It is true that having an external keyboard for iPad is a good idea when you're going to be typing a lot, but it is far from true that you really need one. We've typed thousands upon thousands of words directly onto the glass of our iPad screen, and along the way we have learned some things. One is that invariably, you're slower typing on the screen -- but the other things we've learned are ways to speed up and to cut down how much you need to do.
This Pointers was tested on an iPad Air running iOS 8.4, but we've been doing most of this on iPads right back to the original one. Much of it also applies to iPhones, especially the iPhone 6 Plus -- but as it is still the case that you're more likely to type mostly on an iPad, let's deal with that.
Losing suggested words
We do like the three predictive words that iOS pops up above your keyboard, but we're substantially less keen on the way we seem to be forever switching the feature off by accident. Stroke the wrong key, swipe at the wrong part of what you're writing, or letting go at the wrong point when you're moving the loupe cursor, they all seem to dismiss the suggestions. One misplaced finger movement and the list of three words slides away, leaving just a tiny line -- and an even tinier grab handle to bring them back.
Somehow it's far harder to bring them back, and even when you've realized that it's a case of swiping back up, finding the spot to swipe is a pain. The most consistent way we've found is to aim our finger around the Y key, and quickly swipe up from there. You do end up getting some unusual letters and symbols from pressing around the Y key, but you can just delete those.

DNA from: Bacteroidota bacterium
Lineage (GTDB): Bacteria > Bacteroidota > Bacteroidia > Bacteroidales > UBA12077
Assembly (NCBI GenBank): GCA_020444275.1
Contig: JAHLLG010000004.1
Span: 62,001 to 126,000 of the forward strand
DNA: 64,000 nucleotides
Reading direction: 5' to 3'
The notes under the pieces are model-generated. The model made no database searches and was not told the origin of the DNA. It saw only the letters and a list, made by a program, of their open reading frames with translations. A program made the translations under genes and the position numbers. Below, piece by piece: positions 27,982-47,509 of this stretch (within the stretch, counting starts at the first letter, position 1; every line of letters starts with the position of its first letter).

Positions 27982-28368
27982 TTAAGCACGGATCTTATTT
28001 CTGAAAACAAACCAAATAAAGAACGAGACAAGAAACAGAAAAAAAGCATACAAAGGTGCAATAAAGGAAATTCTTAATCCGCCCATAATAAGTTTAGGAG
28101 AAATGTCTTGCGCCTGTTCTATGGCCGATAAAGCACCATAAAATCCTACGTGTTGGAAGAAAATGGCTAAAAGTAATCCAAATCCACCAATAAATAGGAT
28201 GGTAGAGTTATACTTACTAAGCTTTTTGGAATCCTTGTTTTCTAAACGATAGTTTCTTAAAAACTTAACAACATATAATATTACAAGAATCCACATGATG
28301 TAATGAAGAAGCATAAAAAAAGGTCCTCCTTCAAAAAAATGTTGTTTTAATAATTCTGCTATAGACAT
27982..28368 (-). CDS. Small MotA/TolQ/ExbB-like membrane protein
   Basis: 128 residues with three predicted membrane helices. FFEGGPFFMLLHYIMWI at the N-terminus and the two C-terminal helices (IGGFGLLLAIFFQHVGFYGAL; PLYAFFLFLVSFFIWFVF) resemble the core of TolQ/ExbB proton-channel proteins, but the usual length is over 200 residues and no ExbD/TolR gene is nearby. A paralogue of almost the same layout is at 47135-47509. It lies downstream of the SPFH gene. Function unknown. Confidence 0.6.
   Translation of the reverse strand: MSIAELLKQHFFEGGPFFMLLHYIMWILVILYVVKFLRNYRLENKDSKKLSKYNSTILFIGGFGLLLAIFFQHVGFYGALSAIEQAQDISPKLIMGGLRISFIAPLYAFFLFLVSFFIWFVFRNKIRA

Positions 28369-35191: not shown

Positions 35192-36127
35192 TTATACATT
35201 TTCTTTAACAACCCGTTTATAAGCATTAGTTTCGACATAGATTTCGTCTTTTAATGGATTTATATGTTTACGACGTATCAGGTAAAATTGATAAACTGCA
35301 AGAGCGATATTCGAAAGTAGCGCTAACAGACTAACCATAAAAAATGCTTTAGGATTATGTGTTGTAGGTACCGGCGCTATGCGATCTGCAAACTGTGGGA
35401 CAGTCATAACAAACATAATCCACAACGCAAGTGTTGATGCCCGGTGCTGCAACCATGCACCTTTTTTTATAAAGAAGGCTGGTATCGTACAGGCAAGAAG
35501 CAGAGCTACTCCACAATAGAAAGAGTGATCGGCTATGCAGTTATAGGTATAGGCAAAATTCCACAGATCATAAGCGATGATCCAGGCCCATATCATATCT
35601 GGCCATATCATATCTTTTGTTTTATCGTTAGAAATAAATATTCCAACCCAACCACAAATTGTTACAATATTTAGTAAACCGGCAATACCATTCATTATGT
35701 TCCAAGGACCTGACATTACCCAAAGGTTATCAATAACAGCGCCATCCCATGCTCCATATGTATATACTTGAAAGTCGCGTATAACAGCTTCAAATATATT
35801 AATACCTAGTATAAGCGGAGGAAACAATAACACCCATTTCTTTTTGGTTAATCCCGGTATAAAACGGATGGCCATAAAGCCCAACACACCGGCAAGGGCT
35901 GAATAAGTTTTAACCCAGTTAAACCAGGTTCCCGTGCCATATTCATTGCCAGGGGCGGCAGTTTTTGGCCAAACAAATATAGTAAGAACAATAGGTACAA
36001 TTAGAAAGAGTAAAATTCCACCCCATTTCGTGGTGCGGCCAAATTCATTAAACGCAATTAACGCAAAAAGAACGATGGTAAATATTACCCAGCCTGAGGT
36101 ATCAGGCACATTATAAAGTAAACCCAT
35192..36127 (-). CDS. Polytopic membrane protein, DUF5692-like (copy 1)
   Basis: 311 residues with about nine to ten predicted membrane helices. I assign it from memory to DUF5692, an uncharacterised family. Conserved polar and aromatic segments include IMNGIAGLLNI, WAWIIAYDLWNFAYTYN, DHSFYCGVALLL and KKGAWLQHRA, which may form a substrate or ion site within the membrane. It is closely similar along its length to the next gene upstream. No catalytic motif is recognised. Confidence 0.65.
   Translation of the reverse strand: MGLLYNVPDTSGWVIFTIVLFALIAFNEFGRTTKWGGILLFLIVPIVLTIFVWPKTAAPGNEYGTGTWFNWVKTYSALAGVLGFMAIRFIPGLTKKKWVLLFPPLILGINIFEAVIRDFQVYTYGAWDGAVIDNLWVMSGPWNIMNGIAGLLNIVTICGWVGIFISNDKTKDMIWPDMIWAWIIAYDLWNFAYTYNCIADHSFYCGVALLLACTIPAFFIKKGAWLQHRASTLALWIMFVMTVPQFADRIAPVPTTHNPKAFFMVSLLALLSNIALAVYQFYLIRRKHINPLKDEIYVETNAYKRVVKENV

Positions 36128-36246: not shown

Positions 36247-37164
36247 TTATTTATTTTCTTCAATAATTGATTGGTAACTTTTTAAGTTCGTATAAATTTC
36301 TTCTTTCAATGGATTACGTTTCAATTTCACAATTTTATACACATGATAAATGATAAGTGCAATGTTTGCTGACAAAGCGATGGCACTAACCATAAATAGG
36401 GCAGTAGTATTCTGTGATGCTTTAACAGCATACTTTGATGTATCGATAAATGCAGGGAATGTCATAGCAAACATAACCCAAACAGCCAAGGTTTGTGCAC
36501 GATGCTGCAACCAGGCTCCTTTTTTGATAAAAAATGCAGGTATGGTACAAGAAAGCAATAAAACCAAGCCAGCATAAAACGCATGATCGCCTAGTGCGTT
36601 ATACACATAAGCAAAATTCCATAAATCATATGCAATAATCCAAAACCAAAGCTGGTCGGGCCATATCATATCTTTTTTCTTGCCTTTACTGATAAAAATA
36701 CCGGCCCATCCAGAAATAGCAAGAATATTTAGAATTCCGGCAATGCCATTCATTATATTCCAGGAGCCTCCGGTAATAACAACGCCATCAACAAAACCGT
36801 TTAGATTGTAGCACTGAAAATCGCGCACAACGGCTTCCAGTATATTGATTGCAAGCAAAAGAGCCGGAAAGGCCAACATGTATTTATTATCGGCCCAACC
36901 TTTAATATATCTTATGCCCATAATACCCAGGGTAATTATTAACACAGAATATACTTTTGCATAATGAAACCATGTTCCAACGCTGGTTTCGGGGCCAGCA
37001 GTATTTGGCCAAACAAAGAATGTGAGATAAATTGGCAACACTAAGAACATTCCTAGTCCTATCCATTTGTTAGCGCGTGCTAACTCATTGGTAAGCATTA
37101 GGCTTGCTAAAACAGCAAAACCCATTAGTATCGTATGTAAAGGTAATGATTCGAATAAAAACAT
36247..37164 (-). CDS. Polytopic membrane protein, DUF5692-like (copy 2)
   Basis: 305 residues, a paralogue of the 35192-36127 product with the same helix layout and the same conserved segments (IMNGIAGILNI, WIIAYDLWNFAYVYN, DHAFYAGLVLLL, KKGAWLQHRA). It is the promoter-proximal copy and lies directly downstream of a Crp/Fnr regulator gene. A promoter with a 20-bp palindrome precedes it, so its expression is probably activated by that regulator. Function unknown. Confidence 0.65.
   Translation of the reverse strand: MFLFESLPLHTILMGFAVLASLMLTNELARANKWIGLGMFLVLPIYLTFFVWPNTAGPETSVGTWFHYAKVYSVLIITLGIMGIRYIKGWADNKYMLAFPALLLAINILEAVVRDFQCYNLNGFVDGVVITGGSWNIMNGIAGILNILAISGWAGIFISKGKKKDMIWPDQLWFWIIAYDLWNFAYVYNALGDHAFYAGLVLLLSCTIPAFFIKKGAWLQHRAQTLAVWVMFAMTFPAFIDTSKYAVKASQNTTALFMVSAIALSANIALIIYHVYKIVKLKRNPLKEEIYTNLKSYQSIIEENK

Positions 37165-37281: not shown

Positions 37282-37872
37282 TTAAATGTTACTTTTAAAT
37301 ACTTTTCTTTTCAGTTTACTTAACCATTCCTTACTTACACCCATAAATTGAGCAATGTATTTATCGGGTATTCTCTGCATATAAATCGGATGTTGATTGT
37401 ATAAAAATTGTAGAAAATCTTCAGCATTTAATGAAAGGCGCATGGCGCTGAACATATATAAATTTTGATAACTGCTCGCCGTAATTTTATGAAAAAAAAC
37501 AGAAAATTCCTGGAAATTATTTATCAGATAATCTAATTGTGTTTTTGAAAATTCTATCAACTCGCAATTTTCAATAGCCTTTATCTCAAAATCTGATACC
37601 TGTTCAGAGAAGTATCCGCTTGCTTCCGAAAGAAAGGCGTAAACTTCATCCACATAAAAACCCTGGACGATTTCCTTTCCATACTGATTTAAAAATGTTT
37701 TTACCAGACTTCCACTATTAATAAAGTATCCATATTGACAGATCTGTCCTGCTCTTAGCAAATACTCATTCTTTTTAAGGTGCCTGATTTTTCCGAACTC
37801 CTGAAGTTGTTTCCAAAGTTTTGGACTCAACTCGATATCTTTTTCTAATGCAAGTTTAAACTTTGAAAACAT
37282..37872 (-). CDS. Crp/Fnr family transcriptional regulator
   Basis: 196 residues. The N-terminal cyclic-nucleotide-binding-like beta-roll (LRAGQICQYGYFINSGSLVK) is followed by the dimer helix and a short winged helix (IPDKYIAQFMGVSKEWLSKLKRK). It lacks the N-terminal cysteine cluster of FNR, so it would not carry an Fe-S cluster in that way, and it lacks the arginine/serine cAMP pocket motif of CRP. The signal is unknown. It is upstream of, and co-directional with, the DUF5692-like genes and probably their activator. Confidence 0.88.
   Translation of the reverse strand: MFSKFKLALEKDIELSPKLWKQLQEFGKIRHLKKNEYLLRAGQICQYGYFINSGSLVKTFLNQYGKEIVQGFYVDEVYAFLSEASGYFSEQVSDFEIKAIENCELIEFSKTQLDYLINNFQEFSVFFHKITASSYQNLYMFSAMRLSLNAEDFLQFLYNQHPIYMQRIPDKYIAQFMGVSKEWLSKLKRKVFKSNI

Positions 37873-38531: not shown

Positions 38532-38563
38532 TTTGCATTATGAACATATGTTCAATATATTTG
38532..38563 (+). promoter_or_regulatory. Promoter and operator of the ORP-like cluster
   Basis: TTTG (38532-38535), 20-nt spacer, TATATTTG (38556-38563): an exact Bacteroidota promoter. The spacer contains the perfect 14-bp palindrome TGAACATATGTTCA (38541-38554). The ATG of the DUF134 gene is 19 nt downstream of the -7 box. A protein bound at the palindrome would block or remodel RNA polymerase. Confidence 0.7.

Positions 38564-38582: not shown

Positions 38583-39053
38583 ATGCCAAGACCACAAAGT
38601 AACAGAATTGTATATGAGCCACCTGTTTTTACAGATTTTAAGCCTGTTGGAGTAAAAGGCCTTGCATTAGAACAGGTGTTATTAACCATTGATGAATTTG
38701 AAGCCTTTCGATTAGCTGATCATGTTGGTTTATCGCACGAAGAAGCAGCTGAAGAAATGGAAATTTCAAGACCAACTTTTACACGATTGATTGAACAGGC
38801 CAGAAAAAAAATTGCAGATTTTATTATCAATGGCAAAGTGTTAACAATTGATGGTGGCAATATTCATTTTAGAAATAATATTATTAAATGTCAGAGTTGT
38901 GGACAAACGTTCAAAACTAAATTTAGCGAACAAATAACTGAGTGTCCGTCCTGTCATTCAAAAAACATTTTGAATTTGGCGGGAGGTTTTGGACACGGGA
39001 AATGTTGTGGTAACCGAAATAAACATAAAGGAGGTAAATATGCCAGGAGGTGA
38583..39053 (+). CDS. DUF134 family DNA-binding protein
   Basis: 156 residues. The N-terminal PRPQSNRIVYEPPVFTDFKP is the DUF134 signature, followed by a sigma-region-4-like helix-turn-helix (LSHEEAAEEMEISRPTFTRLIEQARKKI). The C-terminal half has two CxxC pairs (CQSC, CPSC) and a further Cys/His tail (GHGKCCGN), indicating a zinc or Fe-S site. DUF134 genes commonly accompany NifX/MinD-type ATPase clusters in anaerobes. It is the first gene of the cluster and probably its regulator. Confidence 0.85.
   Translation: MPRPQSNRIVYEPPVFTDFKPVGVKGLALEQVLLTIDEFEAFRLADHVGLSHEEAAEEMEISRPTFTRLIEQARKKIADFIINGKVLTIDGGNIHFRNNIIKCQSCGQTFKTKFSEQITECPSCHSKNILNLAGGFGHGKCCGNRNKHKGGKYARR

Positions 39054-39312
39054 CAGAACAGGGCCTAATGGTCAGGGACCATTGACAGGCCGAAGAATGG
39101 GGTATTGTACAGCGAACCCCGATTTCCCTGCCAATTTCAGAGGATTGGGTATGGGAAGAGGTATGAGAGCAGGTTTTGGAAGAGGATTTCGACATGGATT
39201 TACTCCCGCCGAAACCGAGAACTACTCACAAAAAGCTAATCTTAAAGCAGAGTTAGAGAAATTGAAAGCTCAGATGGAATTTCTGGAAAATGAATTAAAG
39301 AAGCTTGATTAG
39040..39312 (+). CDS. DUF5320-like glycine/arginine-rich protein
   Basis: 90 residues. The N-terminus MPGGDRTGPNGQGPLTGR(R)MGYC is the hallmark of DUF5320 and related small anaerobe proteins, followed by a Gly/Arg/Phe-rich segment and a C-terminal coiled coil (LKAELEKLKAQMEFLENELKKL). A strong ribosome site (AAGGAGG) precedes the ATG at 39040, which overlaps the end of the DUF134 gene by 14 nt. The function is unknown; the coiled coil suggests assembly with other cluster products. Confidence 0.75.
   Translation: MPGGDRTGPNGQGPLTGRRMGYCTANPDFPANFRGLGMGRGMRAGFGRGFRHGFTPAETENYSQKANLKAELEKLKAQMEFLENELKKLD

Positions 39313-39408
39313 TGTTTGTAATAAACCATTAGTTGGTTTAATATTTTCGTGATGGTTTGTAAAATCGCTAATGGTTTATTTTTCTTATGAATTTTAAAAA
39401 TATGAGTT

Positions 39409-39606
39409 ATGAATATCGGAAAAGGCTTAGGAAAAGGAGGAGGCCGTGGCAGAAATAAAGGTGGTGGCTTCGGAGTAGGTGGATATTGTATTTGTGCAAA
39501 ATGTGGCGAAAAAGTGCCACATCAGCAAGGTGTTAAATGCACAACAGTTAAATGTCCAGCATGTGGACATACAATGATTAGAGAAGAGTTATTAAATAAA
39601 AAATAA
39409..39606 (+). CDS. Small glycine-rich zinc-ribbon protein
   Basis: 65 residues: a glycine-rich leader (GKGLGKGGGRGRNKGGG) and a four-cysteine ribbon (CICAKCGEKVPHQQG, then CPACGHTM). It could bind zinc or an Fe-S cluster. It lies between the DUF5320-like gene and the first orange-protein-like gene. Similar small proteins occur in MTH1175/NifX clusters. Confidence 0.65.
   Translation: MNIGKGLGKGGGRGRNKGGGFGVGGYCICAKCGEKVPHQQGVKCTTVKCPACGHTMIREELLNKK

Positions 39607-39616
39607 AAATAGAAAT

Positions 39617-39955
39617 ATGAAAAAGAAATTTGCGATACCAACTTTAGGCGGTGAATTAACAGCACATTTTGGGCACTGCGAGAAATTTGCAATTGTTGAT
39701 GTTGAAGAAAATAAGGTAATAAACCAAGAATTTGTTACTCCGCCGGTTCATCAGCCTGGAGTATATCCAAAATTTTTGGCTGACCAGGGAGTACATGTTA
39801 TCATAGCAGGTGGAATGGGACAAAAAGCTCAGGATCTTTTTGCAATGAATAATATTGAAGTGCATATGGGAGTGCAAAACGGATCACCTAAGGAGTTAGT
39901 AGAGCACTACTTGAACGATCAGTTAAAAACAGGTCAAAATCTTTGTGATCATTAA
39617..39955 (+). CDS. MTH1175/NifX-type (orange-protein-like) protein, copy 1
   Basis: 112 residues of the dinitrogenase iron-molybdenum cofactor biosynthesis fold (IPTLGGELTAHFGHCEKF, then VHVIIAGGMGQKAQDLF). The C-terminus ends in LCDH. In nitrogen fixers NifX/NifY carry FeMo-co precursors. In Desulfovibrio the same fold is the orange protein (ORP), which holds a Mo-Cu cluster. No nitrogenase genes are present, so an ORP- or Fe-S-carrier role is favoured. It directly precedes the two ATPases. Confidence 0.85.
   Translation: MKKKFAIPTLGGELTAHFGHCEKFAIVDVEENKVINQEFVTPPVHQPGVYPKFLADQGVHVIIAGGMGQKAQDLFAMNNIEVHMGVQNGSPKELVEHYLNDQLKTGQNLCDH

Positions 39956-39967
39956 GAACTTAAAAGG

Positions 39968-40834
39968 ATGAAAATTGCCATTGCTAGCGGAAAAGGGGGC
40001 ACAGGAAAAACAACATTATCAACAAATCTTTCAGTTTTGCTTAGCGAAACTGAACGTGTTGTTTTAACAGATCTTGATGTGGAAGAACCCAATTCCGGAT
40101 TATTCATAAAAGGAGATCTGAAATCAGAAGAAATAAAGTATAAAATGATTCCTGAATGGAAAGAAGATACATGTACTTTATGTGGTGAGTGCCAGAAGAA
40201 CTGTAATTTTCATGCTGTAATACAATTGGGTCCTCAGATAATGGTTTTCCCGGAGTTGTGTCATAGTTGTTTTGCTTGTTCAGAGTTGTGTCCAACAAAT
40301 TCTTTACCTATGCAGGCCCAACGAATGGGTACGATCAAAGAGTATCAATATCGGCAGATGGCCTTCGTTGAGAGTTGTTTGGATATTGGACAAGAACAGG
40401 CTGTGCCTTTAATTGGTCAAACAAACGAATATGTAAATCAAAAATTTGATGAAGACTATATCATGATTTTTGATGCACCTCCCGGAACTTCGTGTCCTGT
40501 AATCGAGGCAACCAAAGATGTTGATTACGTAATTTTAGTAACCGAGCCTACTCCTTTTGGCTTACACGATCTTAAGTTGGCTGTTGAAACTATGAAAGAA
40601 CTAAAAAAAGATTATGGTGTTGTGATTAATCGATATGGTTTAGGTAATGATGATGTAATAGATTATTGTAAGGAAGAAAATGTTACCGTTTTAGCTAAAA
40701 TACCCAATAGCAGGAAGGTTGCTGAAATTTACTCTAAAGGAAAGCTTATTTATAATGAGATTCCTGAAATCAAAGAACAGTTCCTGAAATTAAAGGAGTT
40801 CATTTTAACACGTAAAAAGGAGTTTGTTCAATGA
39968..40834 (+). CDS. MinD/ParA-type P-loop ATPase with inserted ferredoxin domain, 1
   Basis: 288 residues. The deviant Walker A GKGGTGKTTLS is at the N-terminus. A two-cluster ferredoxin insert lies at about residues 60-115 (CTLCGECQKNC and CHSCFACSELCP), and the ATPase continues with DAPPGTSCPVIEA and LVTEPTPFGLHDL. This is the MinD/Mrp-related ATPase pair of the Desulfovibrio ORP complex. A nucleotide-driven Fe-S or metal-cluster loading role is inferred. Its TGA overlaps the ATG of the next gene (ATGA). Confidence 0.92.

If you really dislike the suggestions and you wish they'd go away forever, you can indeed send them away forever. Go into Settings/General/Keyboards and there is an option called Predictive. Flick it to off, and you'll never see them again. We suggest you go into this section anyway, because there are many keyboard options there, but in general we just leave them all on.
You can switch off these suggested words without going all the way to the settings, though. If you occasionally want to get rid of them or just occasionally want them back, press and hold on the World symbol in the keyboard -- if you have one. This key only appears when you've installed extra keyboards, ones provided by other companies than Apple. It's the key you use to switch between, for example, the regular Apple keyboard and the nearly-brilliant TextExpander one. Or it's the key you keep catching when you just wanted to press Shift, and now have to schlep through each keyboard to get back to where you were.
When you have this key, though, you can press and hold on it to get a shortcut listing all the keyboards you have installed, and at the top of the list there is an on/off toggle for Predictive, the suggested words feature. If you're looking at your keyboard right now and that option is grayed out, it's because your cursor is in somewhere like the address bar of Safari, where suggested words don't apply. Tap into a Pages, Drafts or Word document, open up an email, just pop your cursor into anywhere you can type proper sentences instead of addresses or usernames, and you'll get that option un-grayed.
When you try that swiping up to restore the suggested words, you are pretty much guaranteed to type characters such as ¥ or maybe ü if you miss a bit. These are hidden characters that you get from pressing and holding on a key. They're most often used to get you accented foreign characters, and let us take a moment to relish how much easier that is than on a Windows PC.